Mary Williams of Nansimond County complaining that Wm. Hunter of the Lower Parish of Nansimond had sent a constable to her house and taken away her child and, contrary to law, bound him for twenty-one years, her petition was referred to the Justices of that County, for their report.
May 25.
[? May 27.]
Capt. Thomas Warner moving for a warrant for seamen out of the Potomack Factor or of the runaways from the Nicholson, and Capt. Moodie, so far from being able to spare him any from the Southampton, declaring that he was twelve short, and in case of war should want fourty more, and that several of his men had run away and were harboured in the country, and notwithstanding all the diligences he could use, they were so concealed and protected by the inhabitants that he could not find them, and that if care were not taken to prevent such evil practices he doubted many more would desert, and so he must be forced to impress seamen out of the vessels belonging to Virginia owners; it was referred to Mr. Benjamin Harrison to report whether there be any law in force for punishing seamen who desert, and how those who harbour, entertain or encourage them may be prosecuted.
May 28. Col. Harrison excused his absence yesterday on grounds of indisposition.
Peter May, a French Refugee, setting forth that after his coming in here Daniel Brabant did promise to take care of him, but afterwards carried him to Court, and there bound him for five years and then sold him, and praying redress, the matter was referred to the Court of King William County.
H.E. asking the advice of the Council whether it is proper at this time to offer anything to the House of Burgesses concerning H.M. commands for assisting New York, and Mr. Auditor Byrd saying that he had not received any account of his son's negotiation in that matter, the Council were of opinion that it will be best to expect the answer to the Assembly's Address to H.M. before any further be moved therein here, and that the proposals for building a House for the Governor be also deferred till that time.
Naval Officers ordered to make up their accounts to June 24, and to render them to the Treasurer.
Upon reading the resolves of the Burgesses upon H.E.'s propositions concerning the French Refugees, M. de Sally and several French Refugees were summoned, and the said resolves read to them.
Leave was granted to M. Salomon de la Leu and other French Refugees lately arrived from England in the Nassaw, to settle at Mankin Town with the same priviledge as those already settled there do enjoy. Ordered that they be acquainted that, in order to qualify them to hold the land allowed them, they must petition for naturalisation to the next Session of Assembly.
No offer having been made for the cargo sent in for the French Refugees, ordered that Mr. Auditor Byrd take the said goods at first cost according to the invoice, and keep the money in his hands till next meeting of Council.
Warrant to Cols. and Commanders-in-Chief of the Militia read and approved, instructing them to meet once every fortnight and return lists of men and arms, etc.
Warrant for return of a list of tithables approved. [C.O. 5, 1409. pp. 222–226.]
May 27. 529. Mr. Merrett and others to the Council of Trade and Plantations. You having so amply provided for making such a fortification at St. John's, Newfoundland, as may defend that part of the country against the enemy, we are encouraged to represent the great advantage, and truly the great necessity, of fortifying some harbour, which might protect the Fishery to the northward from Cape St. Francis to Green's Pond, which lies about 14 leagues to Northward of Bonavista, especially as there is affidavit made of about 45 sail of French ships, from 10 to 40 guns, gone this year with stone and material proper to to make a fortification at Chapperouse [Chapeau Rouge], which lies about 20 to 30 leagues north of our Fishery, and will be the ruin of the same, except we have some fortifications thereabout.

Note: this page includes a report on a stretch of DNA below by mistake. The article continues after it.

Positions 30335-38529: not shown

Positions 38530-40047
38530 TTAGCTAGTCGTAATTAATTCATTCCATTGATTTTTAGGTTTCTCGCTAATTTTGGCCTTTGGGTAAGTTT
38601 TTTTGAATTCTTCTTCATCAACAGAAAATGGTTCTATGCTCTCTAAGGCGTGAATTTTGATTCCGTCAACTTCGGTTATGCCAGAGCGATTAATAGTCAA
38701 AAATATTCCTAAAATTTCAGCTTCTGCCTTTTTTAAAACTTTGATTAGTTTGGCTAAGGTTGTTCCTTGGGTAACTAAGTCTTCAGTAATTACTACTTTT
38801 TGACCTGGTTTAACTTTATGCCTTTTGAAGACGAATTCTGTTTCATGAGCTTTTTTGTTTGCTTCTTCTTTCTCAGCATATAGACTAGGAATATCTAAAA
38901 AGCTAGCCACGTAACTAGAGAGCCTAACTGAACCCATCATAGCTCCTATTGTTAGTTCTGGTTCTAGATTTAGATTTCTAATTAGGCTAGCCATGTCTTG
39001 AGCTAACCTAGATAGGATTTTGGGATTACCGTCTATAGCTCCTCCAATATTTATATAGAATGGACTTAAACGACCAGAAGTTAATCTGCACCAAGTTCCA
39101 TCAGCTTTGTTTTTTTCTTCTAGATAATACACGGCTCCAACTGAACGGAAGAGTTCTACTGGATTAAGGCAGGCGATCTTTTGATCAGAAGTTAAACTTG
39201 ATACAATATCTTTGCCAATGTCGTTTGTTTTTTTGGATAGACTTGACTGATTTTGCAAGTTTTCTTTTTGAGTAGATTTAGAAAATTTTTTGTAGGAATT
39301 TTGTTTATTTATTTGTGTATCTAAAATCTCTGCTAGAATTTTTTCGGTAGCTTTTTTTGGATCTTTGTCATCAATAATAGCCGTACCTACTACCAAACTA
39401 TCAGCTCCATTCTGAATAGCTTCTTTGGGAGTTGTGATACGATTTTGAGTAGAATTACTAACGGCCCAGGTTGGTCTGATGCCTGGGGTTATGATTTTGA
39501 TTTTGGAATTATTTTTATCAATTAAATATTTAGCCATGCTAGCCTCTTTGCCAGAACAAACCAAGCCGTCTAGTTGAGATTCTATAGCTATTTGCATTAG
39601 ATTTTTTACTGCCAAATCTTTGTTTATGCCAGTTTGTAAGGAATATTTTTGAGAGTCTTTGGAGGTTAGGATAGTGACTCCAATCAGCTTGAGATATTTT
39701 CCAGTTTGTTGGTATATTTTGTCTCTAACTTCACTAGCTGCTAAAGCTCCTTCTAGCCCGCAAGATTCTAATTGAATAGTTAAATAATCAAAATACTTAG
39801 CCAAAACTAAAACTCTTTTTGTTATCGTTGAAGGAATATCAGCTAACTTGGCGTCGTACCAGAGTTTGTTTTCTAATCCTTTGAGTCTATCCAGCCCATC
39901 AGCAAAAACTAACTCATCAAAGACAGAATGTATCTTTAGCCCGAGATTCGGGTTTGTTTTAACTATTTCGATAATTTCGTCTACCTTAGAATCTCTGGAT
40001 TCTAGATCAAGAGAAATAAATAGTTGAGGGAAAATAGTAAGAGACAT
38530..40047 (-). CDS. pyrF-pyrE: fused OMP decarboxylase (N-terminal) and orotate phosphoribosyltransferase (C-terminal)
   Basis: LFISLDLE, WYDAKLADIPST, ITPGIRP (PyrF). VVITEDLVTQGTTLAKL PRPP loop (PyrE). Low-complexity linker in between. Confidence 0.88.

We therefore propose the fortification of Trinity Harbour, which lies near Bonavista, and will contain 3 or 400 great ships, if occasion required, a draft of which was about two years since delivered the Admiralty or your Lordships by Capt. Cleasby. We propose that by the ships, which now may be going, some cannon and ammunition may be sent, which, being planted there this summer, may prevent such insults as may be expected from the enemy of Placentia. Signed, Solomon Merrett, Charles Houblon, Wm. Brooke, John Corben, Pinnell Phipard. Endorsed, Recd. Read May 28, 1702. 1 p. Enclosed,
529. i. List of necessaries for fortifying Trinity Harbour. Signed, Solomon Merrett. May 28, 1702. ½ p. [C.O. 194, 2. Nos. 79, 79. i.; and 194, 22. No. 1; and 195, 3. pp. 100–104.]
May 27.
530. Earl of Nottingham to the Council of Trade and Plantations. The Lords of the Committee refer Mr. Dummer's proposal for your opinion. Signed, Nottingham. Endorsed, Recd. Read May 28, 1702. 1 p. Enclosed,
530. i. Mr. Dummer's proposal for establishing a monthly intelligence between London and the Island Plantations in the West Indies, with a fleet of four vessels, to visit Barbados, Antegoa, Montserat, Nevis and Jamaica. Each vessel to be absent about 90 days. [C.O. 323, 3. Nos. 129, 133 (Memorandum only, ¼ p.); and 324, 8. pp. 160, 161.]